WASHINGTON (CNN) - Three U.S. senators said Thursday they will introduce legislation funding a package of assistance to help get around the Tehran regime's information block.
"The Iranian government recognizes that Internet is a threat to its stranglehold over society and is trying to impose its repressive controls over it," Sen. John McCain, R-Arizona, said. "The legislation would authorize funds to ensure that Iranians have the hardware, software and other tools to evade the censorship and surveillance of the regime online."
McCain joined fellow Sens. Joe Lieberman, D-Connecticut, and Lindsey Graham, R-South Carolina, at a news conference to announce the legislation, which they said is an effort to support the Iranian people.
CNN Radio: Correspondent Reza Sayah, just back from Iran, has the latest from Tehran
Thousands of Iranians have taken to the streets to protest the results of the June 12 election results which gave incumbent President Mahmoud Ahmadinejad a second term in office. Protesters, including many supporters of opposition candidate Mir Hossein Moussavi, have accused the Tehran regime of vote tampering and are calling for a new vote.
As a result, Iranian forces have brutally cracked down on the protests, restricted international journalists from covering the events, and blocked access to certain Web sites used to share information with the outside world, although many Iranians have been able to get around the blockade.
McCain compared the use of information-sharing Web sites to older technology provided by the United States in the past.
"During the Cold War we provided the Polish people and dissidents with printing presses," McCain said. "Twitter, Facebook and YouTube are the modern-day printing presses. They are the way to spread information and keep the hope of freedom alive amongst the Iranian people."
The bill, which has not been drafted yet, will authorize funding to allow Persian-language broadcaster Radio Farda - funded by Radio Free Europe and Voice of America (VOA) - to "expand its reach across the country," McCain said. It would also provide VOA's other broadcasts more time to broadcast.
Last week, Congress overwhelmingly approved non-binding resolutions to support "all Iranians who embrace the values of freedom, human rights, civil liberties and the rule of law."
McCain and Lieberman sponsored the resolution that was passed by the Senate.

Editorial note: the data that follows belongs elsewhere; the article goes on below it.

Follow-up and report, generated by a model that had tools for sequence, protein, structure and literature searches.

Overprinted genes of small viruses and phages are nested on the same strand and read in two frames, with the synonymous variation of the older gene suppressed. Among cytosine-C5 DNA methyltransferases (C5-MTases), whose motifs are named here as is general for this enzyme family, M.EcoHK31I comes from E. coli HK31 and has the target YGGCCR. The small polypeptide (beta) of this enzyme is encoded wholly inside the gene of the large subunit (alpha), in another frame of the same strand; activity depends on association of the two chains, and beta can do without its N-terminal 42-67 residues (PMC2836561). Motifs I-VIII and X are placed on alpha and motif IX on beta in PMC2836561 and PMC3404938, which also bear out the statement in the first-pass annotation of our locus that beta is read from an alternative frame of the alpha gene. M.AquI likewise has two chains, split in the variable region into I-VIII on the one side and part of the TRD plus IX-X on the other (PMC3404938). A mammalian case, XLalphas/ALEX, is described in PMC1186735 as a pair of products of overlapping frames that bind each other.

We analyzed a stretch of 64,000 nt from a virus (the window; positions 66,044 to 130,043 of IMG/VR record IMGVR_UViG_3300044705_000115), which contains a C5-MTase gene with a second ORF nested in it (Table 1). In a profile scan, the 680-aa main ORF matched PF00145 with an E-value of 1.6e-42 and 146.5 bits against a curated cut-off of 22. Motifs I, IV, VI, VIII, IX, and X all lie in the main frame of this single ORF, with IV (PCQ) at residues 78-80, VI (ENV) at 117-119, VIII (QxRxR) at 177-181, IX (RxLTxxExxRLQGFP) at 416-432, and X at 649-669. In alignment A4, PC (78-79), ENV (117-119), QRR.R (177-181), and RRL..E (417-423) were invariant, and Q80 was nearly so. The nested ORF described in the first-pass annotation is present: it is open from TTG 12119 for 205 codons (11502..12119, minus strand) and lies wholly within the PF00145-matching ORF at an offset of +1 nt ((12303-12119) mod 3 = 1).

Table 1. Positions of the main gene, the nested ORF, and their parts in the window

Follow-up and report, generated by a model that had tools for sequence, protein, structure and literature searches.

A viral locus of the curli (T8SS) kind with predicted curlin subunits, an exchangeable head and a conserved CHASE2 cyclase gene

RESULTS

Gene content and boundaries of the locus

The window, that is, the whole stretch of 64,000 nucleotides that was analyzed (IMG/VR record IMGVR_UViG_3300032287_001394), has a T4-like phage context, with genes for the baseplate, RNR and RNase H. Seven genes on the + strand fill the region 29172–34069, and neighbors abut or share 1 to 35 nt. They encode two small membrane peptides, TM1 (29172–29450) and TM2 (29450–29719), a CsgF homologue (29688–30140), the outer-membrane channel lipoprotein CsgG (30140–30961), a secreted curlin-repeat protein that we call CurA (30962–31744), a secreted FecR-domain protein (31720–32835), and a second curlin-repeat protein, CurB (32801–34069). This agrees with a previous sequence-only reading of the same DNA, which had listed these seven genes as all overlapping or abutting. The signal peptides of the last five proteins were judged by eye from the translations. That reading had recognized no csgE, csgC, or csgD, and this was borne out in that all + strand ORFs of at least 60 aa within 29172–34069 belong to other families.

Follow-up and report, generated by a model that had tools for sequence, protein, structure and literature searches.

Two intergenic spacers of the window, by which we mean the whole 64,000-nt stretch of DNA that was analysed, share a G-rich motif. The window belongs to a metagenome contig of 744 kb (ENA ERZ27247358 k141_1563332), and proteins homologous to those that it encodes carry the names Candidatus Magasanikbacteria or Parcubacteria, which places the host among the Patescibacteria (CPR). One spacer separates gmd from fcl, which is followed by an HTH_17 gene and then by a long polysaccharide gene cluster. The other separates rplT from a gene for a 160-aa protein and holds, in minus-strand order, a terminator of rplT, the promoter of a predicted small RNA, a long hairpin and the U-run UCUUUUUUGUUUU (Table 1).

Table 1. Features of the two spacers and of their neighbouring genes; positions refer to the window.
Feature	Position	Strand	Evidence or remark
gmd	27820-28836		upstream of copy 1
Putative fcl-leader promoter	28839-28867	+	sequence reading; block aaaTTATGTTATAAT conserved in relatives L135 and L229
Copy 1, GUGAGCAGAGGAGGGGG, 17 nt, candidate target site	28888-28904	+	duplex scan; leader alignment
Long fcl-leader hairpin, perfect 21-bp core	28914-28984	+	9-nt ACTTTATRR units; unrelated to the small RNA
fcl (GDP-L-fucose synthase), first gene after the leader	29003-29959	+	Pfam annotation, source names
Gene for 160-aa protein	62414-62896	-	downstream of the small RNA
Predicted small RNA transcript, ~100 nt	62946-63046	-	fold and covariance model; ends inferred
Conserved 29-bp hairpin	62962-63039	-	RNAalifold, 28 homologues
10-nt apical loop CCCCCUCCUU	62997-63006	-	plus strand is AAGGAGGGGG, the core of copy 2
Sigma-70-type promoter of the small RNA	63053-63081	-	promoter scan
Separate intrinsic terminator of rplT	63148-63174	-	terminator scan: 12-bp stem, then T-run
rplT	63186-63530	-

U.S. President Barack Obama's administration is still walking a diplomatic tightrope in finding the right response to the crisis. The White House said Wednesday that it was rescinding invitations to Iranian diplomats overseas for U.S. Independence Day celebrations.
The president's position has evolved since his first comments after the Iranian election, in which he said he was "troubled" by the post-election violence and had "deep concerns about the elections." He went to great pains to say he didn't want the United States to be seen as "meddling."
He ruffled more than a few feathers in Iran and around the world last week when he said that when it came to U.S. national interests, there was little difference between Ahmadinejad and Moussavi.
By appearing at first to be neutral, Obama faced criticism from Republicans, like McCain - his challenger in the 2008 presidential campaign - and Graham who last weekend accused the president of being "timid and passive" in speaking out against the growing wave of arrests, violence and deaths of pro-democracy activists.
On Wednesday Obama said "it was that bloodshed" that led him to speak in more forceful terms, saying he was "appalled and outraged" by the violence.
Obama has said Iranians must be free to demonstrate peacefully, and his administration Wednesday withdrew invitations to Iranian diplomats around the world to attend U.S. Embassy 4th of July parties. The extension of invitations last month was seen as a cautious outreach to Iran, which has not had diplomatic relations with Washington for 30 years.
–CNN's Elise Labott contributed to this report